The San Pasqual Creamery

The San Pasqual Creamery
     Before refrigeration and modern transportation, dairy farmers made butter from their milk and hauled the butter to San Diego. John B. Judson built the first creamery in San Pasqual Valley in 1894. When Ray Trussell first settled in the Valley in 1891, apricots were still common along with all sorts of mixed farming. He himself tried melons, wheat, hogs, and potatoes, but it wasn't long before dairying was clearly established as the cash crop, the Trussell Ranch included. In 1900 San Pasqual Valley boasted eighteen dairies and two of the five creameries in San Diego County, the first being the Judson Creamery which served the east end of the Valley and the second, a creamery on the west end started by the Woods and Olds families. These original creameries would both separate the cream from the milk and, also, churn the cream to make rolls of butter. By 1905 most farmers had taken to separating their own milk and sending only the cream to the creamery. This practice cut down labor requirements, so the owners of the two San Pasqual creameries combined their operations and built a new plant in the middle of the Valley on the north side of the old San Pasqual road just west of the Old Battlefield Monument. They called it, "The San Pasqual Creamery." According to the Bud Judson History this may have been the first co-operative in California. The photo above shows the receipt obtained by Ray Trussell when he purchased his shares in the new creamery. Note Fred Roberts was the part-time manager and V. F. Wills was the secretary and the full-time employee, running day-to-day operations. A couple of interesting things to note: Ray is able to buy a 10% interest in the creamery for $200 and the phone number at the creamery is "red 591."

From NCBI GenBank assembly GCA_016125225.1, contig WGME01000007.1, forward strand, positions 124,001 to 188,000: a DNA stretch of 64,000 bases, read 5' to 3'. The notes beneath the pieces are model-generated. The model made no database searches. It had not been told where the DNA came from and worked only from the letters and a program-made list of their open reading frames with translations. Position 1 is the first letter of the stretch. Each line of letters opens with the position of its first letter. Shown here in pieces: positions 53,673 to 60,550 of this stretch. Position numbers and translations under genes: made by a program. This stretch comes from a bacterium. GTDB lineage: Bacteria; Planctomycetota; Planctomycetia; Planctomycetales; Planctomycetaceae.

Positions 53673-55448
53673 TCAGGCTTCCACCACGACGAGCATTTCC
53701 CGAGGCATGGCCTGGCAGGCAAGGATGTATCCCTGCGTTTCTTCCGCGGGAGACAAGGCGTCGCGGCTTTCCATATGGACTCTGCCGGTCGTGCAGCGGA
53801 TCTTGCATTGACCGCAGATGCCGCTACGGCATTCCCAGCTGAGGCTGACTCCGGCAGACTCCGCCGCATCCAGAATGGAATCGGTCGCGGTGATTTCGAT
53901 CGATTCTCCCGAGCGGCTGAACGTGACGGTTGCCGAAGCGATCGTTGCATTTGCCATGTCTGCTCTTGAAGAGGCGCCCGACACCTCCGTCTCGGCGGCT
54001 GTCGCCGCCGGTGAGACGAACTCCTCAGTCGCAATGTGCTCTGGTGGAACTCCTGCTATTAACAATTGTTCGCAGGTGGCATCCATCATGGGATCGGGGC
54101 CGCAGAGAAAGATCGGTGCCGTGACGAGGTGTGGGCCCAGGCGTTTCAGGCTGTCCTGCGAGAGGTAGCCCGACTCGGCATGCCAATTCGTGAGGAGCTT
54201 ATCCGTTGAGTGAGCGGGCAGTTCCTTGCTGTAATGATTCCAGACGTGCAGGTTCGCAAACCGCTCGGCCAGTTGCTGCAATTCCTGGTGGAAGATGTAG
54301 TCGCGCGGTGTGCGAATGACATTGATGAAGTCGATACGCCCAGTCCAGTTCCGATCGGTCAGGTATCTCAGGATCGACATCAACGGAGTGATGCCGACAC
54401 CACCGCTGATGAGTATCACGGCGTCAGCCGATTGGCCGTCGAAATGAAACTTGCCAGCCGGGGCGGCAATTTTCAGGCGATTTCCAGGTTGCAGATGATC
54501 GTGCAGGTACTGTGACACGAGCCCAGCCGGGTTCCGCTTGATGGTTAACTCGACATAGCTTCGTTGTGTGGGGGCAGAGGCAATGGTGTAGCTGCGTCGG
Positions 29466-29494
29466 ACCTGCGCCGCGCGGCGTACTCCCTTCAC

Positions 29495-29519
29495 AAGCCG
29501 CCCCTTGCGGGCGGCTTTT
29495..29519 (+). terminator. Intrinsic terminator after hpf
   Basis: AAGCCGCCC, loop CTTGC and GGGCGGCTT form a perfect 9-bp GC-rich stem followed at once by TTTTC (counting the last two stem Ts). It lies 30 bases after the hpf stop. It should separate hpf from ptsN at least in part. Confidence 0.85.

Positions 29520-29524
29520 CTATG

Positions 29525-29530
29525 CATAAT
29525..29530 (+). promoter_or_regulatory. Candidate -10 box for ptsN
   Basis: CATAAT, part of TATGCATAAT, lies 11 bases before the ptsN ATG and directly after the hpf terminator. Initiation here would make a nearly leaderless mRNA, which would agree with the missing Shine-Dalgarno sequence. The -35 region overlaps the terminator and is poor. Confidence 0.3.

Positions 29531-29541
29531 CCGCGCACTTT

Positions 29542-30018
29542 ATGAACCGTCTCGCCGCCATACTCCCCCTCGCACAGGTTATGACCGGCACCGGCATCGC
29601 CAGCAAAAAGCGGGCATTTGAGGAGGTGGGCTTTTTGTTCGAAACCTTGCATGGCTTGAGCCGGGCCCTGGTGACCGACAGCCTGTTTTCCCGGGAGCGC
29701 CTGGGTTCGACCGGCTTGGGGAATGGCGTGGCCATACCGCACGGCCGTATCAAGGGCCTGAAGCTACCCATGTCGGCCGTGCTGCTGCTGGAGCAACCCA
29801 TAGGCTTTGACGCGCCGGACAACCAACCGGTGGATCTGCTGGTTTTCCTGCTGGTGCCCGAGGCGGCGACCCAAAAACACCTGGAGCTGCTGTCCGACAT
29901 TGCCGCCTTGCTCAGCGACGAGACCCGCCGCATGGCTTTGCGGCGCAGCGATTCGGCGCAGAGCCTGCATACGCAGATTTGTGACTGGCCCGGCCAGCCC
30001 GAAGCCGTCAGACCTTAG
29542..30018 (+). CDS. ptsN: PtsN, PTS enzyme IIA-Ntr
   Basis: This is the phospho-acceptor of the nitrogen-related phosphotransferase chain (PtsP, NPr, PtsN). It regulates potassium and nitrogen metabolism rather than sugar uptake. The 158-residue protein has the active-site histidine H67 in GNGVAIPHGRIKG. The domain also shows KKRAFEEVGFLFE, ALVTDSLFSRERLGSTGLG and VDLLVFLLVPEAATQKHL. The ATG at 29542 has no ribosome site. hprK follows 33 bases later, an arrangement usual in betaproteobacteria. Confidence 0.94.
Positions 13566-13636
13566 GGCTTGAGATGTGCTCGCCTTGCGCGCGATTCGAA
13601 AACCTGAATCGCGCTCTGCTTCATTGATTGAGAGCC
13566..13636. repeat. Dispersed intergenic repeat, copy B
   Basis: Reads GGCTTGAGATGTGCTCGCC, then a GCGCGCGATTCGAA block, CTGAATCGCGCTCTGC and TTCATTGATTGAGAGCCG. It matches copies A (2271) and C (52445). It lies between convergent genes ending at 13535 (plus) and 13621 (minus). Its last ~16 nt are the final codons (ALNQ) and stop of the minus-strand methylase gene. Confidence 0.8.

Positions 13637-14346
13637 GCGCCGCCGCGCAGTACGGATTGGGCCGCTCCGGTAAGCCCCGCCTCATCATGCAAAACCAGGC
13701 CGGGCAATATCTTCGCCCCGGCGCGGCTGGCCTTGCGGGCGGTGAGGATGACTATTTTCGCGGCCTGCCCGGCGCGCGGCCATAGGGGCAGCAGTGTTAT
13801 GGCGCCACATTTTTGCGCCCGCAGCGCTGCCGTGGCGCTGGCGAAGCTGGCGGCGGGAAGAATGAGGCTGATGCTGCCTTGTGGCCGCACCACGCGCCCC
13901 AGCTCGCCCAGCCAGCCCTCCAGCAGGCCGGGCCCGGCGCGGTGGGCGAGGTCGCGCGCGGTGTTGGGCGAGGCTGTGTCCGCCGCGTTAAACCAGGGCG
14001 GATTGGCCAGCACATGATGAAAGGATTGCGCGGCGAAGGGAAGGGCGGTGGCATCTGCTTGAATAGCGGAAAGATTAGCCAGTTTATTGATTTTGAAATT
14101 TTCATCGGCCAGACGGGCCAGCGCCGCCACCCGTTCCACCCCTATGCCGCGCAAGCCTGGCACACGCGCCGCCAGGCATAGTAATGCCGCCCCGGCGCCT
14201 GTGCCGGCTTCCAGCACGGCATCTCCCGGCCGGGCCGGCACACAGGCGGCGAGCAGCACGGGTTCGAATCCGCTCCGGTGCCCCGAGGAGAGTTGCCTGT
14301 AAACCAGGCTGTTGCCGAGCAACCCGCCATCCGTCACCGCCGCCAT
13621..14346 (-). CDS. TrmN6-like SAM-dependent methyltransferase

The Escondido Creamery

The Escondido Creamery and Webb's Mack Truck
     In 1916, only six years after Ray made his investment in the San Pasqual Creamery, the Webb family bought a Mack Truck and began a service hauling milk from the Valley to San Diego to meet the expanding needs of the U.S. Military training camps there. They hauled the milk in ten gallon cans. Before long all the milk in the valley was hauled that way. Because most of the dairymen were now shipping their milk directly to San Diego, the San Pasqual Creamery moved to Escondido in 1920. A man named Norseman was the first manager there. Soon the farmers had local refrigeration systems to cool the milk so that it would keep better and in the 1940's Henry Fenton and Charley Judson began hauling their milk directly to San Diego in a refrigerated tanker. All milk is hauled that way today.
Photos: The photo on the top shows the Escondido Creamery around 1915 and the photo on the left shows Ray Webb and Ruth Kruse, standing on the front of the Mack Truck (note the right-hand drive). Ruth was the teacher at the San Pasqual Adobe Schoolhouse in the 1911/1912 school year (pg. 7-48)

Webb's Mack Truck